Giving Asian Americans and Native Hawaiians and Pacific Islanders a Fair Shot to Succeed in a Post-COVID Economy

4 min readJun 22, 2021

Even before the pandemic, internet access was important for businesses, schools, hospitals, and other public and private enterprises to conduct routine operations and provide vital services. Almost overnight, the ability to reach customers, patients, and loved ones virtually became an indispensable lifeline during an unprecedented economic and public health crisis. But the pandemic only accelerated the trend toward greater digitization happening in nearly every sector of our economy. And although much remains uncertain about what daily life will look like in a post-COVID world, we can expect demand for reliable and affordable high-speed broadband to continue to grow well into the future.

The internet has offered a virtual gathering space for people feeling isolated or attacked over the past year. In the wake of tragic violence against our communities, NCAPA coordinated a National Day of Healing and Action, with the potential reach of #StopAsianHate at over over 1 billion and over 1.5 million direct engagements on that day, and held a virtual worldwide vigil, using online connectivity as a valuable tool to link those in need, creating virtual support networks, and uplifting our communities’ needs. Broadband access facilitates a new form of aid for those who have felt unsafe or have been targeted by such bigotry. By ensuring that AA and NHPI communities are well connected, we are poised to best support one another during difficult times and, importantly, to organize and demand justice.

As vital as broadband has proven to be over the last year, many Americans inside and outside of our community lack adequate access. In fact, CNET recently reported that “44% of adults with household incomes below $30,000 didn’t have broadband.” The disparity in internet access often falls on minority communities like ours, and can have lasting, negative repercussions for educational attainment, professional development, and business opportunities. Despite research that suggests Asian Americans have higher incomes and greater digital access and literacy, we know such data is not the full story when it isn’t disaggregated and when it frequently only polls English-speaking participants. Some of the primary driving factors of the digital divide are income and English proficiency, which suggests that low- income AA and NHPI households and AA and NHPI individuals with limited English proficiency are more likely to lack broadband access.

According to a recent survey on education and the digital divide, nearly a quarter of Asian respondents reported limited computer or internet access during a time when access to technology is critical for education and work. The transition to remote learning threatened to disrupt the education of many students of color without adequate access to broadband or technology. Low-income AA and NHPI students are often the first in their families to go to college, and before the pandemic, relied on on- campus resources and technology to pursue educational, and eventually, economic opportunities. Advocates and organizations like NCAPA member OCA — Asian Pacific American Advocates stepped up to meet this need in the beginning of the pandemic by donating laptops to over 100 low-income students at Asian American and Native Hawaiian Pacific Islander Serving Institutions.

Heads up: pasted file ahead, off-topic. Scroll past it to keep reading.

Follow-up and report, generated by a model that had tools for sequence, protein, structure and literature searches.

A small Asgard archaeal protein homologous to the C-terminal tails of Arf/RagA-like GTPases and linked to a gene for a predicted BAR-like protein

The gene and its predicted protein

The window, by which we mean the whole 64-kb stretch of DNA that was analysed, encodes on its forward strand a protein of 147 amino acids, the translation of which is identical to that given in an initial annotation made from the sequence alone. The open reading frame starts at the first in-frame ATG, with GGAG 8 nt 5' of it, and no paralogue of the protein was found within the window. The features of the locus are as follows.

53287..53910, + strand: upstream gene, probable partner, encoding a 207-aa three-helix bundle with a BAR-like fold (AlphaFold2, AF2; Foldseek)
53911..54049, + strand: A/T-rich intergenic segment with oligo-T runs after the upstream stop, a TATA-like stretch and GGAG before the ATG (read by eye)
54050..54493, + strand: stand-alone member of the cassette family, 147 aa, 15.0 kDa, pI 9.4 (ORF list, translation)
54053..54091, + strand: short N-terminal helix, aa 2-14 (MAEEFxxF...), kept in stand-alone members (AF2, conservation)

The growing digital divide also raises concerns about the ability of AA and NHPI businesses of all sizes to bounce back after an incredibly difficult year. According to a new study from the New York Federal Reserve and AARP, Asian American businesses appeared to suffer the largest overall losses compared to other racial groups. Yet, in the first few months of the pandemic, 75% of Asian American businesses and 91% of Native Hawaiian and Pacific Islander businesses were likely to be denied Paycheck Protection Program loans. Moreover, at the height of the pandemic between February to April last year, roughly 233,000 Asian American-owned small businesses closed. New, digital opportunities have the potential to help low-income AA and NHPI households and struggling small businesses regain their footing and participate in the economy.

Previous government efforts to expand access have often only targeted availability, not affordability, and have therefore fallen short of their stated goals of getting more Americans online. In May of 2021, enrollment in the Emergency Broadband Benefit (EBB) Program enacted by Congress late last year began. The program is designed to help low-income customers financially struggling from the pandemic afford internet service. Within the first week of the program’s launch, over one million households signed up, reflecting the widespread need for a permanent policy solution to closing the broadband gap. The EBB is an important — although temporary — step in addressing the affordability issue.

NCAPA has joined the Broadband Equity for All coalition as part of our effort to encourage Congress to establish a long-term, sustainably funded broadband access solution that simultaneously resolves persistent affordability and accessibility challenges. In doing so, we are working to expand connectivity to the entire AA and NHPI community — from rural towns to major cities — so that none of our community members are left behind. We must be fully prepared to adapt to the changing, post- pandemic world. By ensuring widespread internet access, we can give our communities the tools they need to participate and succeed in a 21st century economy.




Coalition of 47 national Asian Pacific American organizations based in D.C. We advocate for Asian American, Native Hawaiian, and Pacific Islander communities.